The Death - So, the "Charlie" character is killed off in the season finale. The producers have stated in subsequent interviews that Charlie's death is "proof" that even the "A-list" characters are vulnerable. Of course, it's a lie, but most Lost fans have blindly bought into it. First off, Charlie, at NO point in the show's three year run, was ever an "A-list" character. Here's your A-list: Jack, Kate, Sawyer and sometimes Locke. Charlie was part of the 3-man B-team (alongside Sayid and Hurley). Everyone else can be charitably described as C-teamers. Secondly, unless the writers get cute with the "flash forward" segments, there's NO way that Jack, Kate, Sawyer and Locke don't make it until the end. None. I guess I'm the only Lost fan who was pleased by Charlie's death solely on the basis that he's always been an annoying, one-note cliché who added little to the show.

Here's hoping the final three seasons are as entertainingly divisive as the first three.


Tom said...

Just pointing this out: but Desmond's flash just said that Charlie drowns... not that he can't be rescued. There's a very real possibility of a Dusty finish in the season premier. Des throws on some gear, pulls him through the porthole, and brings him to the surface.

I'm not sure if I fall into "Lost Lemming" land (I might) but my whole point has always been "It's a serial drama; it's hard to criticize episode to episode. You have to let them get where they're going."

The huge layoff after the first six episodes was the worst thing they could have done. It gave people four months to talk about how bad it was.

mathan said...


You know I've been praying for Charlie's death since the days of Ethan, so I was relieved that it finally came true.

I'm also saddened to hear that you seem to have bought the hype about the return from hiatus Lost. With the exception of some of the Ben and Locke stuff the second half was entertaining at best but pandering at worst.

And Tom, The Wire is a serial drama. Each season is basically a complete story. Lost is an exercise in faith. We're at the halfway point, three years in, and we still don't know why so many connected people are stranded on the island or who the bad guys are. Seasons end with no degree of finality and we've still got no clue as to the big picture. Lost is a grungy soap opera.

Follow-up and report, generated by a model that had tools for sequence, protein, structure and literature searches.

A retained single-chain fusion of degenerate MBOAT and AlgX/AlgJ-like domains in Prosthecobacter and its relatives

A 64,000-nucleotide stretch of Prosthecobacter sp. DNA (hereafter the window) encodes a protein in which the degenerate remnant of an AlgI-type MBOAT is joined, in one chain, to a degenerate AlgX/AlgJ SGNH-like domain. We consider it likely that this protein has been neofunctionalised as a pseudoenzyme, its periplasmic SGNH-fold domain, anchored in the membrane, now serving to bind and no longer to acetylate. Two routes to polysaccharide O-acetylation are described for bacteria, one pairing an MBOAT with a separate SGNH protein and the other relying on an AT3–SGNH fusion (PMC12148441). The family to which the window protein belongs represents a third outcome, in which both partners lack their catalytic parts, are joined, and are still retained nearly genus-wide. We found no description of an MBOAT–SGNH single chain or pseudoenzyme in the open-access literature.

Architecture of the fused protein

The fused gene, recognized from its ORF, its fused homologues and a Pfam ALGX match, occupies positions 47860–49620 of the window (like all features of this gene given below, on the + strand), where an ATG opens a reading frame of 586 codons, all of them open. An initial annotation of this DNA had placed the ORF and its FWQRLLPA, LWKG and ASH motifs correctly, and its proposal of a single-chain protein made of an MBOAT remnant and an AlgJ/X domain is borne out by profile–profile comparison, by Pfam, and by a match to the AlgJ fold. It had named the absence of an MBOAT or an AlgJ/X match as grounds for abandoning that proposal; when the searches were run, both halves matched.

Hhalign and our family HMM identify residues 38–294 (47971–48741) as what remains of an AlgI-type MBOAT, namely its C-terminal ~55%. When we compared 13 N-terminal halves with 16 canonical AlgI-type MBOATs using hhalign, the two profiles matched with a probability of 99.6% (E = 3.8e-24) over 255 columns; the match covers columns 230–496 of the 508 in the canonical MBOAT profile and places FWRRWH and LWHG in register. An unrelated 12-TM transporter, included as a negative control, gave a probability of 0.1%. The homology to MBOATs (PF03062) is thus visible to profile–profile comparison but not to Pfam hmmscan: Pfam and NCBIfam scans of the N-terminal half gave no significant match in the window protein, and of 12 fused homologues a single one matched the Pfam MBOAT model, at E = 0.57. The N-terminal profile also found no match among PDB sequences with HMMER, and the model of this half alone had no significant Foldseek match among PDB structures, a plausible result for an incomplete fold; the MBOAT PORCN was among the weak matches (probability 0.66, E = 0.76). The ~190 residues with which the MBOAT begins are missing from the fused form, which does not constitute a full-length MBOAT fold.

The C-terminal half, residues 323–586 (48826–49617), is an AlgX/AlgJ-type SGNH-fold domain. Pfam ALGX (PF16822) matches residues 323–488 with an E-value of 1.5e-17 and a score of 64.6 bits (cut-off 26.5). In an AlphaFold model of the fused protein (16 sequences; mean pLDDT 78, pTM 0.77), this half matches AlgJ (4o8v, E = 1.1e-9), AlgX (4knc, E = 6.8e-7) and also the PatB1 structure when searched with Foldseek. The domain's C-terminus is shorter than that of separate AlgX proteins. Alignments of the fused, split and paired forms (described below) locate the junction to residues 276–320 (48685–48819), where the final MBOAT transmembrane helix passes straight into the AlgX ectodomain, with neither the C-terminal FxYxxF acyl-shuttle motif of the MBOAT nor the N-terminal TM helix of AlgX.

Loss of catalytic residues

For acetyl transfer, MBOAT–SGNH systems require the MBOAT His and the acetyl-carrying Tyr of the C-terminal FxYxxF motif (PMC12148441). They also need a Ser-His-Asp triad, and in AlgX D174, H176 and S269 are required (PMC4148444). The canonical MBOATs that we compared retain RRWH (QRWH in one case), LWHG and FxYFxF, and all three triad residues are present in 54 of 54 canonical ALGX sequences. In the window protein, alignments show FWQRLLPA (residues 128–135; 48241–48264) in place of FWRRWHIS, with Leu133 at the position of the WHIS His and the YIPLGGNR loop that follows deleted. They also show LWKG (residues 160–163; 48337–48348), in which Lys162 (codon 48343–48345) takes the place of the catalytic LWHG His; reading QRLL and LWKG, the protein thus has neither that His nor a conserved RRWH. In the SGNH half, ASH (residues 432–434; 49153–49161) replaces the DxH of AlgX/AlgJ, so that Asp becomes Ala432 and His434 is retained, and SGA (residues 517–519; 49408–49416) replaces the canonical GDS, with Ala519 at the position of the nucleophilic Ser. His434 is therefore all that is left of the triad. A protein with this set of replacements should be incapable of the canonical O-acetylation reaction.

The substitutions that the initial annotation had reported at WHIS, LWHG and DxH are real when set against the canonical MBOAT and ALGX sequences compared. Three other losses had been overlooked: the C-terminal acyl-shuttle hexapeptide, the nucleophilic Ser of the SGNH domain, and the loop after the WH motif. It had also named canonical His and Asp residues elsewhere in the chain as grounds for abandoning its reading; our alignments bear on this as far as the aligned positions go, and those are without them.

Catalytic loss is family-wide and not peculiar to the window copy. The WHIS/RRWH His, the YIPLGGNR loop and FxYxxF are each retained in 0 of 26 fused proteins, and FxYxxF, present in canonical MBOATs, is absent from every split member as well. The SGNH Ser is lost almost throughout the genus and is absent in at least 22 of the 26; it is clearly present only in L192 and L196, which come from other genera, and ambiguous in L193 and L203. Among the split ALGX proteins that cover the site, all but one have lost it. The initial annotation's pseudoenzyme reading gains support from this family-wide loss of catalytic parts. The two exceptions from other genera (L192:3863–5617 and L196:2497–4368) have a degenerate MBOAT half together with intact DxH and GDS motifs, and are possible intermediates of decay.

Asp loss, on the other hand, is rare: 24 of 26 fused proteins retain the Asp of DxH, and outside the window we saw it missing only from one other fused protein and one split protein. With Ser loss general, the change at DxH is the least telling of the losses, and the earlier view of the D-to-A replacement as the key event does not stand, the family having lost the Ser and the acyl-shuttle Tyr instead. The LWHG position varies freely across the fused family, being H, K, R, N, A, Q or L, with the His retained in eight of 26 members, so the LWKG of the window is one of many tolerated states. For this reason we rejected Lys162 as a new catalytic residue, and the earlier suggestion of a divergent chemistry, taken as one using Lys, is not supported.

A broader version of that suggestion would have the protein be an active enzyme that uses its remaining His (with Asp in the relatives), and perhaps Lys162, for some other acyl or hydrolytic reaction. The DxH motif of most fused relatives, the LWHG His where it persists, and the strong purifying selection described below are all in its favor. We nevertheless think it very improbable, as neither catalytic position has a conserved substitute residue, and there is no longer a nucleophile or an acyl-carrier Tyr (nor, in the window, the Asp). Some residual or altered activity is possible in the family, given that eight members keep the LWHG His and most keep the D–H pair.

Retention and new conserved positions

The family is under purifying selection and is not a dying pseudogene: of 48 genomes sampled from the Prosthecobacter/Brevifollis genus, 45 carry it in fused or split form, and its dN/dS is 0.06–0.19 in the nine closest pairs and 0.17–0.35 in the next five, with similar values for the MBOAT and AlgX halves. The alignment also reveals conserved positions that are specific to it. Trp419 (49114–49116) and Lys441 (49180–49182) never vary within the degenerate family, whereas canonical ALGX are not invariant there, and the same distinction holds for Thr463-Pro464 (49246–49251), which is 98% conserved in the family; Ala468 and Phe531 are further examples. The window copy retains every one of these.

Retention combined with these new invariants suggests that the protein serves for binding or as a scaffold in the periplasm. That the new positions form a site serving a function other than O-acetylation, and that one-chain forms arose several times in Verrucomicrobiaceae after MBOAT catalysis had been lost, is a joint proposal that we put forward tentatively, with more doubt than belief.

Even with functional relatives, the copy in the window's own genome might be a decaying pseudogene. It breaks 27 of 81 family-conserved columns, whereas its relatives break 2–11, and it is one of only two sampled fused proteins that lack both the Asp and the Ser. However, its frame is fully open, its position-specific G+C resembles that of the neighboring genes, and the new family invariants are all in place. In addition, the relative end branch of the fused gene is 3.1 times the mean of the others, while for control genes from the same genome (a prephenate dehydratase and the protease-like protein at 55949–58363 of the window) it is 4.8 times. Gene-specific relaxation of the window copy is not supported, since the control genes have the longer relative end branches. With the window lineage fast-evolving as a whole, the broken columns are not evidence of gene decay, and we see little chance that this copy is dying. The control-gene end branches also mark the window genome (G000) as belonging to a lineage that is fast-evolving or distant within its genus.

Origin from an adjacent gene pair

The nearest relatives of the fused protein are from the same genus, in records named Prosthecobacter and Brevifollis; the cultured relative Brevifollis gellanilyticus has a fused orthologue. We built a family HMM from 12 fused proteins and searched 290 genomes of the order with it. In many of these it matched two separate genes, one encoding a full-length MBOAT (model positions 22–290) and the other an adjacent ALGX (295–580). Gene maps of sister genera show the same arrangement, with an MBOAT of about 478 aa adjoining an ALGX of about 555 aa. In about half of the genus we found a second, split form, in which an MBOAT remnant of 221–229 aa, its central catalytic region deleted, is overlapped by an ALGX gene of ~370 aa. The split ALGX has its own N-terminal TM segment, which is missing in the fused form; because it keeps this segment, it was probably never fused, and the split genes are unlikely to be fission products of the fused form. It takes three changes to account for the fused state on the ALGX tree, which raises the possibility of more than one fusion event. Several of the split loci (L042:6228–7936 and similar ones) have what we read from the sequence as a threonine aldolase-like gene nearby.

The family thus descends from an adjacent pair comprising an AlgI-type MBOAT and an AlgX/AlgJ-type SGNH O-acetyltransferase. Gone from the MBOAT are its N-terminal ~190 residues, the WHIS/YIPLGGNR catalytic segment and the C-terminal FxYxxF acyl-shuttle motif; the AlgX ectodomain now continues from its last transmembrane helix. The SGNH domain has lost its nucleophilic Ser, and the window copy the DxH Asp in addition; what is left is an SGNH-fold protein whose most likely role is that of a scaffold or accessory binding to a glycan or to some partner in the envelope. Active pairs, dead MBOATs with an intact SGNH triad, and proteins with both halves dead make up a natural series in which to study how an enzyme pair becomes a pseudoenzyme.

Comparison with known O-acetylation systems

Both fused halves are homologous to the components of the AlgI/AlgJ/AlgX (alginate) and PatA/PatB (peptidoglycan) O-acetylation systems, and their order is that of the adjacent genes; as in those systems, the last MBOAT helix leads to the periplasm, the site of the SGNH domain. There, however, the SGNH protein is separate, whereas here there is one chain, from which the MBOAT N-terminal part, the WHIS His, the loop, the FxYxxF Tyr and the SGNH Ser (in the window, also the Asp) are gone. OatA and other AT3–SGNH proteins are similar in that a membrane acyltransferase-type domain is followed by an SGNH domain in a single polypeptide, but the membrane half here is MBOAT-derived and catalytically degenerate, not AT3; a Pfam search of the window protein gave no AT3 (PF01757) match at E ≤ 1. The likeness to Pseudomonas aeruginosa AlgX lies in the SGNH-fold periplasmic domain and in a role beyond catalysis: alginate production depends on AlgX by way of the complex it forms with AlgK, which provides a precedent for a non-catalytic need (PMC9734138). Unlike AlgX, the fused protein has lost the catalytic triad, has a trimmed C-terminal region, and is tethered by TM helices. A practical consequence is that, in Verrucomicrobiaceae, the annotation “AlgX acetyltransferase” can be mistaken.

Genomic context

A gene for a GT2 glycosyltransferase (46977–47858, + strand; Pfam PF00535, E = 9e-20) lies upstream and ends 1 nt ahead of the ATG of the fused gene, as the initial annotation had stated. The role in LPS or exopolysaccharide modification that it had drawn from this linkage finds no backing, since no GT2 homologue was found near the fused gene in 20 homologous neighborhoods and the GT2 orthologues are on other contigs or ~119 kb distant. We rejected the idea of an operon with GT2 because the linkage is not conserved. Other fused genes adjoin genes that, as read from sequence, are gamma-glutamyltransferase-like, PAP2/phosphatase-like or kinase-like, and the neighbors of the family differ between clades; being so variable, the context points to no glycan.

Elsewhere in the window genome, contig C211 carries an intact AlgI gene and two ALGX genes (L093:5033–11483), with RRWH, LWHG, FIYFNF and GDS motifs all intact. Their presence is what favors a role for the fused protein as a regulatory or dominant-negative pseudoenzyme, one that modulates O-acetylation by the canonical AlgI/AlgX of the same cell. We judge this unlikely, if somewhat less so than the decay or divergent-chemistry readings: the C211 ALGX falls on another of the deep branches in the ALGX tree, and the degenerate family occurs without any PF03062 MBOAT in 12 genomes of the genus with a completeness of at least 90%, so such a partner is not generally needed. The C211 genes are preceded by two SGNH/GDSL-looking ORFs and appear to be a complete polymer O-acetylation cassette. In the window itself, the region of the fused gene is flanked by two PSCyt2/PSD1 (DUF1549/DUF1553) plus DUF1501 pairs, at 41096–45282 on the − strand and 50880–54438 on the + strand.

Tom said...

Mathan: I don't disagree with you... but I watch a soap, so I guess I have no problem with the pace. I just have less of a problem waiting for the whole thing to shake out before I judge it as dead or awful.

Buffy and Angel were those "one story that runs all season with tiny sub-stories" type shows, too. I think they're two of the better shows ever. I like that pacing, too. Lost isn't that. We know this.

At this point, I feel like complaining about Lost's pacing is worthless. Everyone knows what it is. It's going to be a story told over all six seasons that isn't going to resolve until the end. If this is bothersome to people, I don't understand why they're watching and complaining anymore. It's like when I quit on Stephen King's Dark Tower books until they all came out. I didn't want to deal with waiting so I put the whole thing off until the end.

Matt said...

I heart lost AND Mathan. What's that make me?

Anonymous said...

I have really tried to get into Lost, but they lost me for good after the winter break. I'll rent the DVDs at the end of each season. It's hard to explain, but the writers seem to take twisted pleasure in jerking viewers around with dead-end storylines and red herring revelations. The first two seasons seemed to try and throw as many questions to the wall as possible and only try and answer what sticks. Will there ever be a payoff to all of those contrived "connections"? (Locke works for Hurley's box company!) Sadly, I no longer care enough to watch every week.

BTW, first time visitor here. Really like the blog TBG.